Rated of 5
by Bobbie D. (Boca Raton, FL)
In Shalerville, Kentucky in the 1920's, slaves were free but segregation remained. The sign at the beginning of town said, "Nigger, Don't Let the Sun Set on you here in Shalerville".
Isabelle began a friendship with the black son of the family housekeeper as a young girl and it grew. Decades later Isabelle, now 90 years old, asks her young black friend and beautician Dorrie to drive her to a funeral in Cincinnatti. On this drive, through chapters by Isabelle and Dorrie, past and present, we learn of the history of the women and how their friendship affects them. Along the way, Isabelle, with some help by Dorrie do crossword puzzles with answers such as pensive and exquisite that become part of the story.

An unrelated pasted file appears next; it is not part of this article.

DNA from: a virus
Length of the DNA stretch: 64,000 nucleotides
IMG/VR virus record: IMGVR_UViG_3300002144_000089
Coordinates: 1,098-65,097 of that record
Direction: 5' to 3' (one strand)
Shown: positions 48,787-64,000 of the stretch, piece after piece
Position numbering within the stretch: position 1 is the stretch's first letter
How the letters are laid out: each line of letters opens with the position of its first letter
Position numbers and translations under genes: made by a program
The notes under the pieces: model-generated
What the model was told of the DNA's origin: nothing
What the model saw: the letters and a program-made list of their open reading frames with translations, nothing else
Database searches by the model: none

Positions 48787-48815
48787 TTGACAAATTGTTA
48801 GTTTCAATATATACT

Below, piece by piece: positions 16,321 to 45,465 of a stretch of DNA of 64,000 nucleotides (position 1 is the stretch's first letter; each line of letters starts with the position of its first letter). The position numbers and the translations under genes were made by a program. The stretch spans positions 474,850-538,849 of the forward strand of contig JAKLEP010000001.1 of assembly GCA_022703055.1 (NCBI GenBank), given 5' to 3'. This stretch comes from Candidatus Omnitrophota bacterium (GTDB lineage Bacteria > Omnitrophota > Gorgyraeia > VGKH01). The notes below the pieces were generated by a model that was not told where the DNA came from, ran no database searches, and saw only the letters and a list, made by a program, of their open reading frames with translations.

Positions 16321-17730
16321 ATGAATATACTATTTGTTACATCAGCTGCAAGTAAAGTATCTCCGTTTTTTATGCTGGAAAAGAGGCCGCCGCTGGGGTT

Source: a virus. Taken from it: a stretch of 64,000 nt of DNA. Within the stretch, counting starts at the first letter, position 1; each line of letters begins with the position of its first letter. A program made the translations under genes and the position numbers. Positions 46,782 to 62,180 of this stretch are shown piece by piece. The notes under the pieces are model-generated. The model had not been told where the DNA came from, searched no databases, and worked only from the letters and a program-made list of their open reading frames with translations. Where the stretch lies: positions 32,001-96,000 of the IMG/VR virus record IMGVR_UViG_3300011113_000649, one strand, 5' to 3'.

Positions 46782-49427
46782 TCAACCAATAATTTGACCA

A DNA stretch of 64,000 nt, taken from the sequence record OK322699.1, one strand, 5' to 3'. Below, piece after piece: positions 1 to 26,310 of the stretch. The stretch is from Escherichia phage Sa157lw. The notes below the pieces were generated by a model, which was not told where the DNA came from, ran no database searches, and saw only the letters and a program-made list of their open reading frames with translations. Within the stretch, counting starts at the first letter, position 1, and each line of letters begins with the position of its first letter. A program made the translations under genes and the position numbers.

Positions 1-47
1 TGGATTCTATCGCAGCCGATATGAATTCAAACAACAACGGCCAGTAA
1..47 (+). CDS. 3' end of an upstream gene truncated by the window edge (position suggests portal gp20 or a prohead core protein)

Their conversations and the people they encounter along the way are brilliantly written and brought me to tears before the end. Racism is a terrible thing and the author brings it to our attention so well.